–Eric Selland
Note: Hiraide’s For the Fighting Spirit of the Walnut, Translated by Sawako Nakayasu, is available on New Directions

Kitasono Katue – Poems (trans. John Solt)

April 2, 2010

Night Mechanist (1924)

the café girl
is completely transparent
continuing her pink breathing
she makes her expensive finger shine
and hides mint-colored talk
in a lobelia leaf
while playing the table’s piano
dreamer of chairs and curtains
bohemian of a pitiful city.
———————————
from the shadow of curacao
and peppermint
she flashes a seven-colored heart
seducer with stunning matches
on stove chimneys
ties passion ribbons
and dissolves her lovers
into cash register buttons—
mechanist of splendid night

from Human Dismantled Poems (1926)

HEAD

on the back of the face
insert a blue lens
and peep everyday
———————
Calmness

NOSE

burn sulphur
and weird smoke fills it up
a triangular ornament
tinplate nose
twist it
stuff a brush inside
and drag that spiral out from the rear!

Legend of the Airship

Book Review: Shredding the Tapestry of Meaning – The Poetry and Poetics of Kitasono Katue (1901-1978) , by John Solt

April 2, 2010

Book Review: Shredding the Tapestry of Meaning – The Poetry and Poetics of Kitasono Katue (1901-1978) , by John Solt, Published by the Harvard University Asia Center and distributed by Harvard University Press, 1999, 395 pages, $49.50 cloth, ISBN 0-674-80733-2. (Available on amazon.com)
Occasionally a book arrives that changes everything. Less, perhaps, in presenting something totally new, than in revealing that which had remained hidden, or forgotten. John Solt’s biography and extended literary analysis of the life’s work of Kitasono Katue, a major practitioner of avant-garde poetic forms from the 1920s to the 1970s, does just that. First in offering up the newest in that short list of very rare full-length studies of a modern Japanese poet, and second in its having laid open a forgotten history of dynamic artistic and literary development, as well as cultural exchange. A history, moreover, which intersects with our own, as becomes evident in the lengthy chapter on Kitasono’s many years of correspondence with Ezra Pound.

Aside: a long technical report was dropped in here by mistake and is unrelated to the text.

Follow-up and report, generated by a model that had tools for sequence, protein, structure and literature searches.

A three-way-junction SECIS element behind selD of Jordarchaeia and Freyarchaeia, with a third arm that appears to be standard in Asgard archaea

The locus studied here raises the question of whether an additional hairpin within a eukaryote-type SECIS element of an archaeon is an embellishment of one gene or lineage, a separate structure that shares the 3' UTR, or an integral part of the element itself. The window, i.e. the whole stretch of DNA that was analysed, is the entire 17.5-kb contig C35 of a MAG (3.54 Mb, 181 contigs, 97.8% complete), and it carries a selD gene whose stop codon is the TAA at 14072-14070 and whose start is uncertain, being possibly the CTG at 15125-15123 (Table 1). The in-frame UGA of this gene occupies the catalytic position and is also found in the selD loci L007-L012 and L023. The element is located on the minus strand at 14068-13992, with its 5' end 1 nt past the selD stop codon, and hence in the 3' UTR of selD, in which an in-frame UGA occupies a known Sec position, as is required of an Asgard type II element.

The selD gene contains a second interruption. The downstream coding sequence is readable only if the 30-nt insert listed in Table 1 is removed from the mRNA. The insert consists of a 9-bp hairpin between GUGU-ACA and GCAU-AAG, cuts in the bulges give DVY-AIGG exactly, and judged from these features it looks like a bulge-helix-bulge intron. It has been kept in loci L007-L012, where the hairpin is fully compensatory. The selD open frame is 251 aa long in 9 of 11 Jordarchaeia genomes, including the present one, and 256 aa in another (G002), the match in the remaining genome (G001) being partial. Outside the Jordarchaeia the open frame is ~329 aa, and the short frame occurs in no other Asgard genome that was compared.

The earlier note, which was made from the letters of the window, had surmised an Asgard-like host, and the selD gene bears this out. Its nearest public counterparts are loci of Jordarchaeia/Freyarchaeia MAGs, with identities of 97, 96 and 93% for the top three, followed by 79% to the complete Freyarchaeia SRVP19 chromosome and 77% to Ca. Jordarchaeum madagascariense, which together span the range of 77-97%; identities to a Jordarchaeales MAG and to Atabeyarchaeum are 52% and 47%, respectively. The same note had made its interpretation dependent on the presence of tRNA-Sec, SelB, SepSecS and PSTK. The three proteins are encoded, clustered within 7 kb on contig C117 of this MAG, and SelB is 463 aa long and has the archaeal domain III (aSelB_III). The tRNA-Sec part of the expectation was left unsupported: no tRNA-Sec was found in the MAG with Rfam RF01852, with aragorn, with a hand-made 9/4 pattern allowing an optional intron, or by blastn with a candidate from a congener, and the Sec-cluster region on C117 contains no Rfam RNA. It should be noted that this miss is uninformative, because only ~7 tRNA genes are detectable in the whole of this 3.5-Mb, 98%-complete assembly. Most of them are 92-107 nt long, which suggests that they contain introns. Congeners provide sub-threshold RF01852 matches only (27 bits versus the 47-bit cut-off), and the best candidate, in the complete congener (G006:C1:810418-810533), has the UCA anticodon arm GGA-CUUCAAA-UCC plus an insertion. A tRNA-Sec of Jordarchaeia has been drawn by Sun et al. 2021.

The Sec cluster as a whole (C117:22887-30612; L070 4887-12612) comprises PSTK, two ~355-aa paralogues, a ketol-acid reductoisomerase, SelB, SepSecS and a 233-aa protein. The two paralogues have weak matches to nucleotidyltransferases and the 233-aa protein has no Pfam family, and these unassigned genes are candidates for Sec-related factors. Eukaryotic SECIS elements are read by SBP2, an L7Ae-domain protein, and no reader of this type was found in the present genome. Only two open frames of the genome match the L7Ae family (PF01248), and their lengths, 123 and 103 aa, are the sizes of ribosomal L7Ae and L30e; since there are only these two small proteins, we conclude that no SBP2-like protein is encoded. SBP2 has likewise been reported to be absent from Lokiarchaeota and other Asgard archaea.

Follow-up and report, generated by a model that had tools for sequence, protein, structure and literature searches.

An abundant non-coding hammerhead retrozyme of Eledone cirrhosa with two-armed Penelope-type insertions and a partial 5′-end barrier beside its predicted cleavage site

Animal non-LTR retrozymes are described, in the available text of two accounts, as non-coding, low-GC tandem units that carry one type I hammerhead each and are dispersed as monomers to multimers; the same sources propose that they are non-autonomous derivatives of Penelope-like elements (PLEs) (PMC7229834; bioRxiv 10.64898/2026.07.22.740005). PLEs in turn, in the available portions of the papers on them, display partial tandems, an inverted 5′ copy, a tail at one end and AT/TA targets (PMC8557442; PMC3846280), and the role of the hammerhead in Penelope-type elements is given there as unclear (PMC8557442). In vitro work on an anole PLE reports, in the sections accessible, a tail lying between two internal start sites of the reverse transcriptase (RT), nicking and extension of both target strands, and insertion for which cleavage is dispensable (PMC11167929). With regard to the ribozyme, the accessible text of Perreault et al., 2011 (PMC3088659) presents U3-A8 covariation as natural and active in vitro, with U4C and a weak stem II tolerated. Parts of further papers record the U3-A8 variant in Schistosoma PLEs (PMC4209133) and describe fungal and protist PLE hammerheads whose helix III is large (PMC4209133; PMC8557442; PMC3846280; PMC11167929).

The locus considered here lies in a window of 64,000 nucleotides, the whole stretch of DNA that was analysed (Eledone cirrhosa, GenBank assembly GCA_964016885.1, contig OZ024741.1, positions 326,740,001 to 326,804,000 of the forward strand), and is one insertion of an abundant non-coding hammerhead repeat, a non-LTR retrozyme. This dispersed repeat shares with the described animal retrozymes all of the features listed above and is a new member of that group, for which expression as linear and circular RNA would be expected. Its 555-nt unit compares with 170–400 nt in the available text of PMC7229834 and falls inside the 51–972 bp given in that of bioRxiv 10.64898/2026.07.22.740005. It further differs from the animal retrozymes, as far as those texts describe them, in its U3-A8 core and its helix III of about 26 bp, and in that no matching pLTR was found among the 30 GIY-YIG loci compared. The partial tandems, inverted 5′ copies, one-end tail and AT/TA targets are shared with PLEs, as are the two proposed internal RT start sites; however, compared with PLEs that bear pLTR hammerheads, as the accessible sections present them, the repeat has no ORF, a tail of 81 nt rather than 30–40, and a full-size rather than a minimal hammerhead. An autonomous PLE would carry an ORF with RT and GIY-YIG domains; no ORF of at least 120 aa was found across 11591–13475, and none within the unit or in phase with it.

Kitasono Katue (Solt uses the Francophile spelling preferred by Kitasono himself in his dealings with foreign poets) originally wanted to become a painter, but after a literary friendship and time spent in Tokyo, broiling with new ideas and a cosmopolitan lifestyle (Hirato Renkichi published his Japanese Futurist manifesto in 1921), Kitasono decided to become a poet. By 1924 he had become involved with a group of young poets publishing Japan’s first Dadaist magazine, Ge.Gjmgjgam.Prrr.Gjmgem , thus beginning his many years of involvement with iconoclastic new forms. The new magazine introduced sound poems, dadaist absurdities and work harkening the eventual development of Surrealism in Japan. One more very important characteristic of the magazine was the introduction of the usage of katakana words in poetry. Foreign words and images were used liberally, appearing both in katakana script and the alphabet. We tend to be non-plussed now about these graphical innovations due to the common use of foreign loan words and Romanized script in the Japanese of the present, but at that time it was revolutionary, and would even become dangerous by the late 1930’s with the rise of militarism.